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A long time ago, one had to manually start new threads to run code concurrently in Java. Not only was this hard to write, it also was easy to introduce bugs that were hard to find. Testing, reading, and maintaining such code was no walk in the park, either. Since that time, and with a little incentive coming from multi-core machines, the Java API has evolved to make developing concurrent code easier. Meanwhile, alternative JVM languages also have their opinion about helping developers write such code. In this post, I’ll compare how it’s implemented in Java and Kotlin.

To keep the article focused, I deliberately left out performance to write about code readability.

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About the Use Case

The use case is not very original. We need to call different web services. The naïve solution would be to call them sequentially, one after the other, and collect the result of each of them. In that
case, the overall call time would be the sum of the call time of each service. An easy improvement is to call them in parallel and wait for the last one to finish. Thus, performance improves from
linear to constant — or for the more mathematically inclined, from o(n) to o(1).

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To simulate the calling of a web service with a delay, let’s use the following code (in Kotlin, because this is so much less verbose):

class DummyService(private val name: String) {
    private val random = SecureRandom()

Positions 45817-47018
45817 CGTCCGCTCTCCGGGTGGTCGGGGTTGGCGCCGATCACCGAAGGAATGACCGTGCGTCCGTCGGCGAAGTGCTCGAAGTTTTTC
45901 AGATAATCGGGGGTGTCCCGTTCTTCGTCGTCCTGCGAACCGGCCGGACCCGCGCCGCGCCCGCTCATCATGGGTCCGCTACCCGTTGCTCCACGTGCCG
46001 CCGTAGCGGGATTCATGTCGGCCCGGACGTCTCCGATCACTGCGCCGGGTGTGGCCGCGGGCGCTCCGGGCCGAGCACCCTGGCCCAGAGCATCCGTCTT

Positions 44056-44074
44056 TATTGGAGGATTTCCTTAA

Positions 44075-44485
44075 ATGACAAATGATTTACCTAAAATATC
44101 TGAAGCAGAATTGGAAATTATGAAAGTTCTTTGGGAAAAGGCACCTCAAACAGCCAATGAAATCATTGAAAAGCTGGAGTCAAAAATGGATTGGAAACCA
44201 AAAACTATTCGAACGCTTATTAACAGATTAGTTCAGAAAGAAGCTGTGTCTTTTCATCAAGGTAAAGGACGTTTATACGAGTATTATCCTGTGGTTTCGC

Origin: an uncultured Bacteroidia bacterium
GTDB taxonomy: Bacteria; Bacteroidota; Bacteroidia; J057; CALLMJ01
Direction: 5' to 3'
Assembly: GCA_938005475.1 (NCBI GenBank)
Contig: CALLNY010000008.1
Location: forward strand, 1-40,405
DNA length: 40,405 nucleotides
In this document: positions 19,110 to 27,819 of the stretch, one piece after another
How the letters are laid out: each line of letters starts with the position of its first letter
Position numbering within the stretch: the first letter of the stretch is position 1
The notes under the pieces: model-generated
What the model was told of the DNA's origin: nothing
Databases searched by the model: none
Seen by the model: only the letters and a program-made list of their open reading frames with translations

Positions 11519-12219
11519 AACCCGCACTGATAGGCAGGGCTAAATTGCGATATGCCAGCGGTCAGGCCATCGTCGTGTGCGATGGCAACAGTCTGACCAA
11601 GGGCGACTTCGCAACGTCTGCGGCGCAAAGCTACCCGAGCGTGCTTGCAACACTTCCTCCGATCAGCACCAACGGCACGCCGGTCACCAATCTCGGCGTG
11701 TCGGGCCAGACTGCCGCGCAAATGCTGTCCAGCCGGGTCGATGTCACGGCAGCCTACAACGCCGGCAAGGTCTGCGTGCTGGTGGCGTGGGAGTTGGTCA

val content: ContentDuration
    get() {
        val duration = random.nextInt(5000)
        Thread.sleep(duration.toLong())
        return ContentDuration(name, duration)
    }
}
data class ContentDuration(val content: String, val duration:
Int)

The Java Future API

Java offers a whole class hierarchy to handle concurrent calls. It’s based on the following classes:

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Callable: A Callable is a “task that returns a result.” From another viewpoint, it’s similar to a function that takes no parameter and returns this result.

Future: A Future is “the result of an asynchronous computation.” Also, “the result can only be retrieved using method get when the computation has completed, blocking if necessary until it is
ready.” In other words, it represents a wrapper around a value, where this value is the outcome of a calculation.

Executor Service: An ExecutorService “provides methods to manage termination and methods that can produce a Future for tracking progress of one or more asynchronous tasks.” It is the entry point into concurrent handling code in Java. Implementations of this interface, as well as more specialized ones, can be obtained through static methods in the Executors class.

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This is summarized in the diagram below:

Image title

Calling our services using the concurrent package is a two-step process.

Creating a Collection of Callables

First, there needs to be a collection of Callable to pass to the executor service. This is how it might go:

  1. Form a stream of service names.

  2. For each service name, create a new dummy service initialized with the string.

  3. For every service, return the service’s getContent() method reference as a Callable. This works because the method signature matches Callable.call() and Callable is a functional interface.

This is the preparation phase. It translates into the following code:

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List<Callable<ContentDuration>> callables = Stream.
of(“Service A”, “Service B”, “Service C”)
    .map(DummyService::new)
    .map(service -> (Callable<ContentDuration>)
service::getContent)
    .collect(Collectors.toList());

Processing the Callables

Once the list has been prepared, it’s time for the ExecutorService to process it, AKA the “real work.”

  1. Create a new executor service — any will do.

  2. Pass the list of Callable to the executor service. and stream the resulting list of Future.